Leaders Should Read Literature
Literature helps us see the world in all its dimensions
I hire top students from prestigious universities. I still can’t use them on client projects right away. Why?
They have extensive technical knowledge. They can code. They are logical thinkers. However, they lack the required professional skills to work in a team and communicate with clients. Unfortunately, our educational system does not teach them. As a result, we have to train them. Some grasp these skills in a year, many take even a decade.
I can’t blame them for taking their time learning these skills. We train them for twenty-five years to sit, listen, and never question the authority of the person in front of the class. Then when they get into jobs, we expect them to collaborate, ask questions, and be proactive. Many people can’t make the transition.
We have placed far too much emphasis on engineering at the expense of art and literature. Engineering certainly improves our lives, but it also dulls our minds to a black-and-white worldview.
I grew up reading Ponniyin Selvan, Mahabharata, Ramayana, Silappatikaram, and Kural. I had an excellent Tamil teacher by the name Murugan, who taught us to critique the characters in those literary pieces. I have carried that practice with me even after leaving his tutelage.
Literature is more than just epics and books. This category also includes films. Though I enjoy action films such as Die Hard, my heart belongs to social dramas such as Veedu, Just Mercy, and Jai Bhim. I’ve seen Anbae Sivam at least ten times.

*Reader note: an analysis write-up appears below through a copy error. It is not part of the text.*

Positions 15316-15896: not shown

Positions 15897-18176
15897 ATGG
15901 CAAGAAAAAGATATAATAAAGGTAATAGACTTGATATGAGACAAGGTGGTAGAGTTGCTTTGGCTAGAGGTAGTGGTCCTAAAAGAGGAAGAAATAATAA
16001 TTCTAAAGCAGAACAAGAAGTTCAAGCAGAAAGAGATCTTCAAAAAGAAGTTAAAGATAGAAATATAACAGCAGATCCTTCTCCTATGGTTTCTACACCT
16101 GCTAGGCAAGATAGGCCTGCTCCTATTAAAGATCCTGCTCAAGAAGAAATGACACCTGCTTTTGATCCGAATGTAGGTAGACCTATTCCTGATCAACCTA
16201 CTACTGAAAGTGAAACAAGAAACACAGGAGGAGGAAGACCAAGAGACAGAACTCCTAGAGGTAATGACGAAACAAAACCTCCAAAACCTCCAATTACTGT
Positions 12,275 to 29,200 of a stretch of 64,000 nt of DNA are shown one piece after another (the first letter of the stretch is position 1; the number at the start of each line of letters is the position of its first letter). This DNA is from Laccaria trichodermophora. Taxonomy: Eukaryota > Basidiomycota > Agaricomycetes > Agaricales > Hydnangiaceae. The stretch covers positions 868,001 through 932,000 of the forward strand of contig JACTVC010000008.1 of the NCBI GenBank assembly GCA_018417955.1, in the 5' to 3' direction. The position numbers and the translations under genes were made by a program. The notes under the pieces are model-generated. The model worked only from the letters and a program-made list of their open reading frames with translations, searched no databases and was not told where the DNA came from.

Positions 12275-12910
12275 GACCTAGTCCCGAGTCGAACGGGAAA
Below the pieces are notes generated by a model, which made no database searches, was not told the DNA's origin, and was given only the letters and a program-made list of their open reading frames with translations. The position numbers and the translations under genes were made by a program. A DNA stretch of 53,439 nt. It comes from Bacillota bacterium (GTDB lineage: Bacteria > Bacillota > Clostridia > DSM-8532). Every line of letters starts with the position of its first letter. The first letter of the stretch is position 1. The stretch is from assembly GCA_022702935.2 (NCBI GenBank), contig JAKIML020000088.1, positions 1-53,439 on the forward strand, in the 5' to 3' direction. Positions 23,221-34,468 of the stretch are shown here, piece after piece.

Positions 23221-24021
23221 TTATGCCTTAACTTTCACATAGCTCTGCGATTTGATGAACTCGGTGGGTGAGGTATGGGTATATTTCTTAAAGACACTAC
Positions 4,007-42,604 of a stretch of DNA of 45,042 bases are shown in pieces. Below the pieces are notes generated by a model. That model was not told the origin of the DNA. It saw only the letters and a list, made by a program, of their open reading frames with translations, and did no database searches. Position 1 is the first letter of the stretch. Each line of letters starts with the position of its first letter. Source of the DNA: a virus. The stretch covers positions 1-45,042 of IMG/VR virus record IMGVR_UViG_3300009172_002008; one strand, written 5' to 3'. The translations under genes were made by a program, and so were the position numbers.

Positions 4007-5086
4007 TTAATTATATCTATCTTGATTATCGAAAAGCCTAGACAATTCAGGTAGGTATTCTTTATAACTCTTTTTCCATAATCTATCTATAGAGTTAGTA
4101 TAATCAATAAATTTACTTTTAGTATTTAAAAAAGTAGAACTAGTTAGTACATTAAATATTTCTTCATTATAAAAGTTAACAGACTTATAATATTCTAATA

I’ve come to appreciate the numerous advantages of literature. Here are five benefits:
As you immerse yourself in literature, your empathy grows. You start to understand what a grandfather and his granddaughter should feel as they struggle to build a house in Veedu. You feel their anguish and disappointment, and you cry as you witness their helplessness.
The epics sharpen your moral compass. Distinguishing between good and evil in everyday life is not easy. As you read Mahabharat, you may ask yourself the same question that Arjuna does: What comes first, brotherly love or the destruction of evil? Human psychology has not changed in thousand years, so you can still find guidance in these epics.
In Anbae Sivam, two men with fundamentally opposing viewpoints become best friends. If they can become friends you too can become friends with those who have opposing views. All it takes is a trip through a heavy storm and rain.
In both Just Mercy and Jai Bhim, the tenacious lawyers use every tool at their disposal to fight for the wrongfully accused disadvantaged. Both films will inspire you to fight for the helpless and to speak up for the oppressed.
The literature will inevitably impart you some storytelling ability. You will master to move the emotions of the audience even after they leave the session. In narrating a story, whether corporate or personal, you will draw from a wealth of sources.
These five advantages, combined with an engineering mindset, are what you need to establish your gravitas. Read literature to become a valuable leader no matter where you are.
If you’re ready to get started, I’ve already mentioned some of my favorites. Because I learned English as a utility, I don’t know the best English literature. If you are aware, please add them in the comments section, so others can enjoy them.
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